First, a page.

Our middle child of seven kids suffers from classic Middle Child Syndrome.  She has the largest heart in the family, and yet every other minute is a moment of devastation, wrought with feelings of neglect, resentfulness and sadness.  We love her and we have empathy, but—like government contractors who sometimes feel burned—there are no devastation damages available.

In Michael Johnson Logging v. USDA, CBCA 5089 (Dec. 22, 2017), a government contractor sought damages, including “business devastation” losses, under a timber sales contract with the United States Forest Department.   During performance of the contract, the contracting officer suspended the contractor’s operations three times for a combined total of 27 days. Two times were imposed for cutting the wrong trees and one time was for failure to control run-off and prevent erosion.  Notably, the Contractor did not challenge the suspensions at the time they were imposed, but instead took all required steps to remedy the alleged breaches.

In its certified claim to the Government, the Contractor alleged numerous components of damages:

  • $741,837 for lost productivity (due to the need to use crooked skid trails and small landings);
  • $22,000 for damage to equipment;
  • $54,000 for inadequate skid trails;
  • $52,600 for unreasonable suspensions of work;
  • $91,980 lost profit on unharvested timber; and
  • $150,000 business devastation damages.
The Board rejected the Contractor’s claims for business devastation damages, noting that these type of damages are “similar to a consequential damages claim where a contractor asserts that the Government’s actions caused the destruction of its business.”  The court concluded:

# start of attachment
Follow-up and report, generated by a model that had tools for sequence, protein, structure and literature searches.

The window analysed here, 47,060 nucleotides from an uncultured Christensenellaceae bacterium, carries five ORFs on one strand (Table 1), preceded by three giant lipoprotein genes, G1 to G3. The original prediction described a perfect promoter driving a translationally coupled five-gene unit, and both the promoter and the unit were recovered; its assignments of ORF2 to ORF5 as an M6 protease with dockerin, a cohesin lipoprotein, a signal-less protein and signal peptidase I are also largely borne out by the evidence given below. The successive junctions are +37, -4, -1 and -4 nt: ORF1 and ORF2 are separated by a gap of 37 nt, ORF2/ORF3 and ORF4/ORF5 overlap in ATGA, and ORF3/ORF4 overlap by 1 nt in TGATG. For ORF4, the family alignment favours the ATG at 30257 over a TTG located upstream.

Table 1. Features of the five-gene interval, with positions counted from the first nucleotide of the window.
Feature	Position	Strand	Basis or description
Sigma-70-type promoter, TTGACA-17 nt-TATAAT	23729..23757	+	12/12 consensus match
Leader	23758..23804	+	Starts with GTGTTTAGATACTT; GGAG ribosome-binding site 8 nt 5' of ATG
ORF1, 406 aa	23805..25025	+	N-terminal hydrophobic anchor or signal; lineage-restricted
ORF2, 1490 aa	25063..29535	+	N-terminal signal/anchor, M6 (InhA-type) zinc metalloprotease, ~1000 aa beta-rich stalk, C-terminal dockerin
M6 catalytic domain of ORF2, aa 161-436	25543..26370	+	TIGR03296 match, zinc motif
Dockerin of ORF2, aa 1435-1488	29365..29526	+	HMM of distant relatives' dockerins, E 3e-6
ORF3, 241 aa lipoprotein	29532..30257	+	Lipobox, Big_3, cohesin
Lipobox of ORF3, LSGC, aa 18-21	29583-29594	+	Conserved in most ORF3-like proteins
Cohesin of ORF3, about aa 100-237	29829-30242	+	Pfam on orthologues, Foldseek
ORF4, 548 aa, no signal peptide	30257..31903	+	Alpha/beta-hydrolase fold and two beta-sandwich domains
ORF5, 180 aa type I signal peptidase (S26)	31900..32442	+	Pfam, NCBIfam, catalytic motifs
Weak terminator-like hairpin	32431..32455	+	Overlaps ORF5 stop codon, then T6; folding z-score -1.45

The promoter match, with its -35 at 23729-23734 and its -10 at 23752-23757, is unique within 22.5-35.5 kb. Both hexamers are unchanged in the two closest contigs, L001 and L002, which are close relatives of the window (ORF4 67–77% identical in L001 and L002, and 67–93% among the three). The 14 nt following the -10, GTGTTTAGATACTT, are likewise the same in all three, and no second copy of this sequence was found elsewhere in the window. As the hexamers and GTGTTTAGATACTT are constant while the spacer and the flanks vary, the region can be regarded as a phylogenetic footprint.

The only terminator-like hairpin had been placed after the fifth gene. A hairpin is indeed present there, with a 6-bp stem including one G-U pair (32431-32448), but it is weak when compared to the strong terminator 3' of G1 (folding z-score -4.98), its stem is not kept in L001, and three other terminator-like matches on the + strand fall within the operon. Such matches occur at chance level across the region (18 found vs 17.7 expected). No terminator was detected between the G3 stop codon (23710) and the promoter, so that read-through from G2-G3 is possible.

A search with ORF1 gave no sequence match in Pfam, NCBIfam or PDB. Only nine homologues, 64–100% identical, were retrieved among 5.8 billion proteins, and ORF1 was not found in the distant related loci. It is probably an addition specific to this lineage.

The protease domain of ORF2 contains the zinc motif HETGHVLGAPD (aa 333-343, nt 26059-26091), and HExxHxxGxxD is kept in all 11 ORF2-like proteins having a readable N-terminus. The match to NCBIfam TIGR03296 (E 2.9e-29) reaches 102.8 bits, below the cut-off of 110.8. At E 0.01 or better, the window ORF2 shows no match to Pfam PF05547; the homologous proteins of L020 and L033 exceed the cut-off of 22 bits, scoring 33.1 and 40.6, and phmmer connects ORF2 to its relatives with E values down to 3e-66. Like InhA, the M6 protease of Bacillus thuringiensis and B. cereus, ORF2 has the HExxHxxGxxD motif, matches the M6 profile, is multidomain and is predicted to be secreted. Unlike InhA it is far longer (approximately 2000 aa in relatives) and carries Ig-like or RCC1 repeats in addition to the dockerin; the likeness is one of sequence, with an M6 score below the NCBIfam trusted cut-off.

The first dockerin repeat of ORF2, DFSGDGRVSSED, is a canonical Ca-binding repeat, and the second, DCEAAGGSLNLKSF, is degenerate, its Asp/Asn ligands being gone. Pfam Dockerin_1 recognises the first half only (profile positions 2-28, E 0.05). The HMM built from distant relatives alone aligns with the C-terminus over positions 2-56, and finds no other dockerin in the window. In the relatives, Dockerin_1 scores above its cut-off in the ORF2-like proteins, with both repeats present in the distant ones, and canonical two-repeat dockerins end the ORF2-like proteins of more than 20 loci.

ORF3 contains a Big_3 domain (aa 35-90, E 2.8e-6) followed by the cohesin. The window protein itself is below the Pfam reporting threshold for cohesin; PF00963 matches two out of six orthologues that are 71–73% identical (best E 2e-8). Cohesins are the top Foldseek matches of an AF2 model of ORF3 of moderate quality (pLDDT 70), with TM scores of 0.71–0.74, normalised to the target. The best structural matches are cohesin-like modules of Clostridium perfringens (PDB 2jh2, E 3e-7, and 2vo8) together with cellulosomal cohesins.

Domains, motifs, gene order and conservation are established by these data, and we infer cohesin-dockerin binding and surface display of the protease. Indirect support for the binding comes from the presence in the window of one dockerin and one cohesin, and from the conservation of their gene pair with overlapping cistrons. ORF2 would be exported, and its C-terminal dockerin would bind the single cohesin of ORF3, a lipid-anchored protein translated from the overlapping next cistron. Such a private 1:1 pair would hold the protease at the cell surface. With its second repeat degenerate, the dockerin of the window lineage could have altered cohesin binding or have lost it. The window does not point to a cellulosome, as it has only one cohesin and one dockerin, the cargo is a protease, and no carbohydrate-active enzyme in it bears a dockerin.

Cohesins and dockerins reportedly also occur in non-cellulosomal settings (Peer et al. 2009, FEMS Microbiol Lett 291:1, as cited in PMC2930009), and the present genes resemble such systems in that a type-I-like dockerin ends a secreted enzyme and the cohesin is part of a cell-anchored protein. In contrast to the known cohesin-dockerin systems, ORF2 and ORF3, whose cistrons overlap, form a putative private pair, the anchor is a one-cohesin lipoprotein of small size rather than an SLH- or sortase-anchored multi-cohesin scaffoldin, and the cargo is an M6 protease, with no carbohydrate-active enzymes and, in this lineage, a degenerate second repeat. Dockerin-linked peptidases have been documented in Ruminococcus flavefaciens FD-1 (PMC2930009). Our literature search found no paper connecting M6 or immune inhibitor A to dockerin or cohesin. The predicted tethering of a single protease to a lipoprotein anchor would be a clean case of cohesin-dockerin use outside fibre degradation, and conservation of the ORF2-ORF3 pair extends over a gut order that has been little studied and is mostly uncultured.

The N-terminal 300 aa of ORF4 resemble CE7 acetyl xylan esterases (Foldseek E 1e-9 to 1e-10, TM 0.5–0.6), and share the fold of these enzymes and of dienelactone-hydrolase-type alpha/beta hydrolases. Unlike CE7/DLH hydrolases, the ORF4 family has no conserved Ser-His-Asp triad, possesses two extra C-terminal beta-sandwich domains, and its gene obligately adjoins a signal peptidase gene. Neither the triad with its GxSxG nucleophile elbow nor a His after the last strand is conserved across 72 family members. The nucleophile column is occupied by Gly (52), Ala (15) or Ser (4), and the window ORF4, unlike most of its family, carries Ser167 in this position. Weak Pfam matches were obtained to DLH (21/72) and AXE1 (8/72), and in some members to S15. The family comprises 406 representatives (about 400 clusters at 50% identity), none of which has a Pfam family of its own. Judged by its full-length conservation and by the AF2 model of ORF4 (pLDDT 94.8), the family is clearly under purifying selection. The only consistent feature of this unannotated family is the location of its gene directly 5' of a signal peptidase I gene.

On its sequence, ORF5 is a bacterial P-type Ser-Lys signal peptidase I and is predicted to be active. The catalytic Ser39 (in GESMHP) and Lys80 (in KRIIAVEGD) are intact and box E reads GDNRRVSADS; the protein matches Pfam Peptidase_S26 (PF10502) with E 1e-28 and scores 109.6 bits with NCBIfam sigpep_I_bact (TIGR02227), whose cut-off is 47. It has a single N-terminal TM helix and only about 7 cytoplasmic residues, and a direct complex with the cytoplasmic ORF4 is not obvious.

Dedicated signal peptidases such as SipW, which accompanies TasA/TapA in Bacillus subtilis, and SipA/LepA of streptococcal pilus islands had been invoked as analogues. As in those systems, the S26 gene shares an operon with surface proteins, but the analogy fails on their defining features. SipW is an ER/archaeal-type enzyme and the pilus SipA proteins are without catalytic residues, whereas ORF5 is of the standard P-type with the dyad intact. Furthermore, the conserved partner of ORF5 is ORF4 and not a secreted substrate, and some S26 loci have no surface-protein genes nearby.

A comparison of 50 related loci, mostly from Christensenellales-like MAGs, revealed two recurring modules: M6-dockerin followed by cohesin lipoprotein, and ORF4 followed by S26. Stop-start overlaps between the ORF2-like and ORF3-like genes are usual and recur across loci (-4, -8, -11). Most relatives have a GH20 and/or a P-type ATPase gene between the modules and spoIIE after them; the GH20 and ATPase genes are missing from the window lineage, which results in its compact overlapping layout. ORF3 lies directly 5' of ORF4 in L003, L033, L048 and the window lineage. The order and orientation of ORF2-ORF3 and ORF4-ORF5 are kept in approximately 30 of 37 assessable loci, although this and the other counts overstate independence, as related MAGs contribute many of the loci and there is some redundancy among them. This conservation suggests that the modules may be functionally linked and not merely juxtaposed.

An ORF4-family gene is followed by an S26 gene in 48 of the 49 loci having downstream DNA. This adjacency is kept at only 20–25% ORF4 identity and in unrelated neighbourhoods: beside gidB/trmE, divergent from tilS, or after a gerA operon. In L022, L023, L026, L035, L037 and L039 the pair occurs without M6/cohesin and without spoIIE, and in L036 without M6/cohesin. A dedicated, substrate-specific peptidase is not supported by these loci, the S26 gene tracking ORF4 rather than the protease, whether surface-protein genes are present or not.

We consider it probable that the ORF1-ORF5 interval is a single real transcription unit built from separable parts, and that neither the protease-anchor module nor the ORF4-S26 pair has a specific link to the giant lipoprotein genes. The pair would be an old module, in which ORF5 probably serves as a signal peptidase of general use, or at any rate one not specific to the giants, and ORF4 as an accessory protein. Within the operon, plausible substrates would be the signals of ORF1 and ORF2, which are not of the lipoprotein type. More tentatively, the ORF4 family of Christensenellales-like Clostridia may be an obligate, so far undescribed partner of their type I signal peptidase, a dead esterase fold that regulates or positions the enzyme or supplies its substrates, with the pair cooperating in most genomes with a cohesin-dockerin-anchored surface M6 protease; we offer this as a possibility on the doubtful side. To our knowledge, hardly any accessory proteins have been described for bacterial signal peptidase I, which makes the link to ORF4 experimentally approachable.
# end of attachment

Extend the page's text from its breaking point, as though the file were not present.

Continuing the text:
While contractors may recover damages resulting from “the natural and probable consequences of the breach complained of … damages remotely or consequently resulting from the breach are not allowed.” Ramsey v. United States, 101 F. Supp. 353, 357 (Ct. Cl. 1951).  Although not categorically disallowed, contractor claims for consequential damages premised on the destruction of the entire business or lost business opportunities have been denied where they failed to show a nexus between the damages claimed and the breach alleged.
Ultimately, the Board found the profits that the Contractor might have earned independent of the contract were not directly related to the supply contract and, consequently, were merely speculative.  The Board concluded that that business devastation claim was be too remote.
This case is helpful in understanding the type of damages a government contractor can seek and the type of proof required to proceed on a hearing against the Government.  Lost profits from collateral projects or lost net worth are generally too remote to be classified as a natural result of the Government’s breach. While devastating, these damages generally are not recoverable.